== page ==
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Faculty Research Interests


                      Research Interests

   Research Areas

Alan Adolphson

B.A., Western Washington U.; Ph.D., Princeton, 1974. Dr. Adolphson works in number theory and arithmetical algebraic geometry. Particular interests include exponential sums, algebraic varieties over finite fields, cohomology theories, and the algebraic theory of differential equations.

Number Theory,  Arithmetical algebraic  geometry

Douglas B. Aichele

B.A./M.A., University of Missouri/Columbia; Ed.D., University of Missouri/Columbia, 1969. Dr. Aichele is interested generally in issues and trends related to collegiate and school mathematics education. More specifically, curriculum and teacher preparation/professional development, mathematics and science connections, entry-level mathematics curriculum and pedagogy, mathematical structures (geometric and quantitative) for prospective elementary teachers, school geometry curriculum and pedagogy.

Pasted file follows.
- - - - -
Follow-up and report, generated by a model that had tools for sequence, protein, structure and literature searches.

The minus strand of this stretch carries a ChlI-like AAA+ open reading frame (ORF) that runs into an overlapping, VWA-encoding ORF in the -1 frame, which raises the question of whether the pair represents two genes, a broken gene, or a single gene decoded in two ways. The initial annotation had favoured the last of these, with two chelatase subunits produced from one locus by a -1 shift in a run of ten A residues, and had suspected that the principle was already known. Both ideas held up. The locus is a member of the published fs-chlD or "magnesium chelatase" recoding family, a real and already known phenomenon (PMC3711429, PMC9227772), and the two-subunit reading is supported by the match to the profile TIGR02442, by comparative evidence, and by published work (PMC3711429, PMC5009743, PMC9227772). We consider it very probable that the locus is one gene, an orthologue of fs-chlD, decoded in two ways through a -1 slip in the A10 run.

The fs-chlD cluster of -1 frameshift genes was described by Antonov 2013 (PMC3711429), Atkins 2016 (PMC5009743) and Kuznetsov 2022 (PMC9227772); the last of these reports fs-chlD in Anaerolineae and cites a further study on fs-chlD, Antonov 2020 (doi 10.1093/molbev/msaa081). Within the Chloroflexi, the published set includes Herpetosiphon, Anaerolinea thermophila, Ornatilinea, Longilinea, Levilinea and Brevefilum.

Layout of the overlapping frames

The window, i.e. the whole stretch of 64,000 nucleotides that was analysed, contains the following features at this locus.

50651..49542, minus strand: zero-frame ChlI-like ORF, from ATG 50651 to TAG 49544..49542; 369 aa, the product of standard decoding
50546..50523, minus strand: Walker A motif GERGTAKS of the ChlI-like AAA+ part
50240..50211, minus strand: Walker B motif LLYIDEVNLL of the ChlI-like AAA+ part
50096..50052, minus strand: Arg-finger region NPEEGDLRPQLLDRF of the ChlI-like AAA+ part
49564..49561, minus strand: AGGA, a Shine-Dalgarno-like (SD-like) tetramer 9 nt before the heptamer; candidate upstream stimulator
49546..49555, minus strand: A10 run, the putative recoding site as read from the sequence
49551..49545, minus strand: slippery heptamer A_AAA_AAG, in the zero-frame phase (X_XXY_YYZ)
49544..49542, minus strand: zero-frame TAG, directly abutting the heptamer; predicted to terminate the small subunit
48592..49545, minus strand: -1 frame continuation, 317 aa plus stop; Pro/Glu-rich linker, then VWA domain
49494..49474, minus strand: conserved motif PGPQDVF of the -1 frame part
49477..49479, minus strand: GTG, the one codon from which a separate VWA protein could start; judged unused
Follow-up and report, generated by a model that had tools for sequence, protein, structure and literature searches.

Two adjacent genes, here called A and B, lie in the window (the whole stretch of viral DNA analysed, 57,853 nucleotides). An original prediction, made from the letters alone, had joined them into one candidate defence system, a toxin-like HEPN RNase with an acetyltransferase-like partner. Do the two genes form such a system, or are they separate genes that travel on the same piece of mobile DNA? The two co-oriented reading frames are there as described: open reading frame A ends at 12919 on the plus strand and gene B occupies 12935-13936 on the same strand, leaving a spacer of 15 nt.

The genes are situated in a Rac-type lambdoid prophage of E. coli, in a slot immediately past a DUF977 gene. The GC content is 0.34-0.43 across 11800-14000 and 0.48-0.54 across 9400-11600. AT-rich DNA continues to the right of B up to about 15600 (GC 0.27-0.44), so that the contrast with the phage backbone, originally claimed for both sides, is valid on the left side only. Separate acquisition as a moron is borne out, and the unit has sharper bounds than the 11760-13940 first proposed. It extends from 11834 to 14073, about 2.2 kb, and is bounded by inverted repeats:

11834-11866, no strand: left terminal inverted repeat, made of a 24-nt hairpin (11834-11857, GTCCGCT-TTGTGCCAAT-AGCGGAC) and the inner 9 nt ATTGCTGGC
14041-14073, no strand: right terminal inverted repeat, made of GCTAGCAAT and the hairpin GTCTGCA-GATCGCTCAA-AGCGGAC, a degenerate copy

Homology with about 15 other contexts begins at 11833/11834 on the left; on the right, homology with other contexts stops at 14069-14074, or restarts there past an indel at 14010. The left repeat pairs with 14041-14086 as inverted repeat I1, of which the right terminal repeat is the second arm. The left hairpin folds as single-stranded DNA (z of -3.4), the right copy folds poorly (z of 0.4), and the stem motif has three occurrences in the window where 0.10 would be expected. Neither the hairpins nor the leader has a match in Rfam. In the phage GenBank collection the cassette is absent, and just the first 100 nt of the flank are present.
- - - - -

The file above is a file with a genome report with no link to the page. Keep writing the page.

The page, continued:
Mathematics Education

Dale Alspach

B.S., U. of Akron; Ph.D., Ohio State, 1976. Analysis, functional analysis, harmonic analysis. Dr. Alspach's particular interest is in the geometry of Banach spaces. This involves computations in a variety of function spaces and uses methods from advanced calculus, complex analysis, probability, and other areas.

Geometry of Banach spaces

Mahdi Asgari

Ph.D., Purdue, 2000. Number Theory, Automorphic Forms, and L-functions.

Automorphic Forms, Number Theory, Representation Theory

Leticia Barchini

Ph.D., 1987, U. Nac. de Cordoba, Argentina. Representation theory of semisimple Lie groups and analysis on homogeneous spaces.

Lie Groups, Representation Theory

Birne Binegar